- Jenna Smialiek reports on Gabriel Zucman's conclusion that the .1% has managed to prevent the rest of us from even approaching reasonable estimates as to how much wealth is being hoarded at the top. And Bryce Covert discusses how that carefully-cultivated lack of knowledge figures to distort policy debates.
- Meanwhile, Emily Schwartz Greco and William Collins note that even slight positive news for most of the population - such as modest employment growth in the U.S. - is being treated as a catastrophe by Wall Street since it could result in wealth being shared:
For the first time since 1997, the U.S. economy just added at least 200,000 jobs per month for six months running. GDP grew at a 4 percent annual clip between April and June. The percentage of Americans who describe the economy as “good” has climbed to the highest level of President Barack Obama’s presidency.- Peter Moskowitz offers a useful primer on tailings ponds, while Bob Weber reports on the Harper Cons' continued refusal to allow anybody to assess the dangers posed by the ones set up by tar sands operators. Barbara Yaffe chimes in on the lack of reason for confidence in environmental regulation at every level of government. And David Atkins recognizes that we're up against "Mordoresque" forces looking to keep dirty energy business booming at whatever cost necessary to the environment and the rest of humanity.
Who wouldn’t rejoice over these happy milestones on the bumpy road to a real recovery?
Wall Street. On July 31, within hours of the release of a bunch of sunny indicators, stocks sank more than they had on any day since early February. The decline wiped out all gains the S&P 500 stock index had racked up over the month.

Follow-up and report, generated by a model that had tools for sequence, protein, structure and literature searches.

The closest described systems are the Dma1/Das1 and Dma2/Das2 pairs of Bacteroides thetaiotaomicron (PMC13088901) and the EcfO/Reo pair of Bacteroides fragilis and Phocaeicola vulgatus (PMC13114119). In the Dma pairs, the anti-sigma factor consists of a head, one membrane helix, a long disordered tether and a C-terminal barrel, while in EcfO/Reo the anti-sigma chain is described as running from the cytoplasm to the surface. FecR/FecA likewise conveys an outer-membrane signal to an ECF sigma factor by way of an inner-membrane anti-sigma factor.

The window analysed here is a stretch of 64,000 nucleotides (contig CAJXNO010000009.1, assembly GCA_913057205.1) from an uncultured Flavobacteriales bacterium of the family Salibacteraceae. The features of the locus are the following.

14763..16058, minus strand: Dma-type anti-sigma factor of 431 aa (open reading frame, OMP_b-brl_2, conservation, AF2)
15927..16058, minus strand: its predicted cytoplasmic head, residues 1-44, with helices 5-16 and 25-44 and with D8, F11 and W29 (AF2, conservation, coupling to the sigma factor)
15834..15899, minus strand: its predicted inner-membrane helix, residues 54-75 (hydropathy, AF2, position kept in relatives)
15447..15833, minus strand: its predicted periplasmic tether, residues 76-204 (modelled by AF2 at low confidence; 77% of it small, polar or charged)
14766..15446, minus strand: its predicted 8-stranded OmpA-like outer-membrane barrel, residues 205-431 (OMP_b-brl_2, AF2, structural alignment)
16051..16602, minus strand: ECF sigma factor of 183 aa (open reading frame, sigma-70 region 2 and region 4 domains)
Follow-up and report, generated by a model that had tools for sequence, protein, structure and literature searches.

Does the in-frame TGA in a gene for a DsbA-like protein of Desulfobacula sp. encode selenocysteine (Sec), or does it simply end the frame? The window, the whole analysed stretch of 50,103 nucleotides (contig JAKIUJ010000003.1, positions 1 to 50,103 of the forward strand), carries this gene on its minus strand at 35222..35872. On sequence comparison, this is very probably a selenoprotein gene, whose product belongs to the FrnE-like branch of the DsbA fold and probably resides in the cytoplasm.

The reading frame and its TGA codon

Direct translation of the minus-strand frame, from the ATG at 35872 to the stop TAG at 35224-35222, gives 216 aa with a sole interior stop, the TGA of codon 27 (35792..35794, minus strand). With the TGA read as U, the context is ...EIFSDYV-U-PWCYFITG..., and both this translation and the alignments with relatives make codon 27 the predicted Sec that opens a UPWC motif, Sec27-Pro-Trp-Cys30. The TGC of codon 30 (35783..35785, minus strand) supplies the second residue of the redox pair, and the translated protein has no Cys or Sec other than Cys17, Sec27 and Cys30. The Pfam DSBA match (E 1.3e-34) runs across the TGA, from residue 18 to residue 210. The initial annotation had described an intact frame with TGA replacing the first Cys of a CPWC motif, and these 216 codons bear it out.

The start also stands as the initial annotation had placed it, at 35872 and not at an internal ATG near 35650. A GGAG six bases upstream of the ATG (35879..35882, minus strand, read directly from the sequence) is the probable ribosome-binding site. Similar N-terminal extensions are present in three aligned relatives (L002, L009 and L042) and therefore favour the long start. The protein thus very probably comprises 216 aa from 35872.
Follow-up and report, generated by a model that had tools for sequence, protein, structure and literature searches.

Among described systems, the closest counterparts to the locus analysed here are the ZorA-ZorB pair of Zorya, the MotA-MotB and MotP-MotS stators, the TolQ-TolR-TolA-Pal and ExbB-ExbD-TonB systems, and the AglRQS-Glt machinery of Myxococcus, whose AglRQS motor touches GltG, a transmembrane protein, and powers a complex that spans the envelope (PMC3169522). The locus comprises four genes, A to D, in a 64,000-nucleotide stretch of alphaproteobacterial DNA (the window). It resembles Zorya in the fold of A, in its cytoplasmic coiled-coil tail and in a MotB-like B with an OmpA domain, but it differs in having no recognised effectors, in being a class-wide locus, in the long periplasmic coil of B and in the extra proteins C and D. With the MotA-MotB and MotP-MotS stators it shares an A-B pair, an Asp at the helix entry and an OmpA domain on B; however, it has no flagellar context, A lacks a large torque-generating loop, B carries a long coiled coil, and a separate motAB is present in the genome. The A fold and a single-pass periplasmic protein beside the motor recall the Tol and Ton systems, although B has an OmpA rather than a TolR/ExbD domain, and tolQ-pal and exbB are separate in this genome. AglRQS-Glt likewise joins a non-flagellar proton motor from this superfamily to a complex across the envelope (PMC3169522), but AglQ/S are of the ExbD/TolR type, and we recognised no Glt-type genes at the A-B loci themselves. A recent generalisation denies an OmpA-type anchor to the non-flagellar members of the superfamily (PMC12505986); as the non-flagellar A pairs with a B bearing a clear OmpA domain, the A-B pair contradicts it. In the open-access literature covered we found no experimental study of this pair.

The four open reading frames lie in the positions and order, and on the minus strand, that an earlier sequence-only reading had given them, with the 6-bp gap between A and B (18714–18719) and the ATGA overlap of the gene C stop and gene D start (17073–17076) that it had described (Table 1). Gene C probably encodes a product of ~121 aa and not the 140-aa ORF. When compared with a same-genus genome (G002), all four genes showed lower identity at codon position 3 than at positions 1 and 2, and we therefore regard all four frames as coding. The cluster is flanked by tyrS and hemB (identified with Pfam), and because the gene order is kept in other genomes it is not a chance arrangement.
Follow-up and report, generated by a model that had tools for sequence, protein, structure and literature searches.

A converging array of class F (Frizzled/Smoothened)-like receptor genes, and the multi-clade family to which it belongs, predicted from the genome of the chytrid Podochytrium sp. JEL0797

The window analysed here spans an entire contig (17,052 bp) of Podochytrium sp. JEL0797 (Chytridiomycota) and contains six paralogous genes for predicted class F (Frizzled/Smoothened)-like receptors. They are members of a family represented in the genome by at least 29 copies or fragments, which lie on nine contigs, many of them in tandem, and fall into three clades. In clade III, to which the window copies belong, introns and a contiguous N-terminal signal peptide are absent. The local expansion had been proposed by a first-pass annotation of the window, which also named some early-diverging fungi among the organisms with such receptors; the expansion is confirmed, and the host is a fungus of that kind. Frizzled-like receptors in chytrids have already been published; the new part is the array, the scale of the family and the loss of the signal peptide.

Global instability contributed to the sharp drop, but so did investors’ fretting over indications that workers are finally getting higher wages and more benefits.
(W)hy exactly does Wall Street tank on news portending economic gains for most Americans? Don’t people with extra money in their pockets boost the economy when they spend more freely? Isn’t it something worth celebrating?
Not in an economy that caters to the rich.
- Devon Black writes that the Cons are looking to censor opposing voices through any means available - including by imposing gratuitous audits on charities who dare to take up social causes.
- But Rick Salutin theorizes that the Con's focus on breaking systems and organizations which reflect Canadian values hints at their recognition that they'll never actually win if those values serve as the basis for public policy:
I wonder obsessively myself about Stephen Harper's efforts to reshape the Canadian character. I think he thought it was all due to media influence, but he's won that battle. He was endorsed by every paper in the country except the Star last election. Yet attitudes persist. He can still legislate massive changes, and does, but has he despaired of deeper, attitudinal change?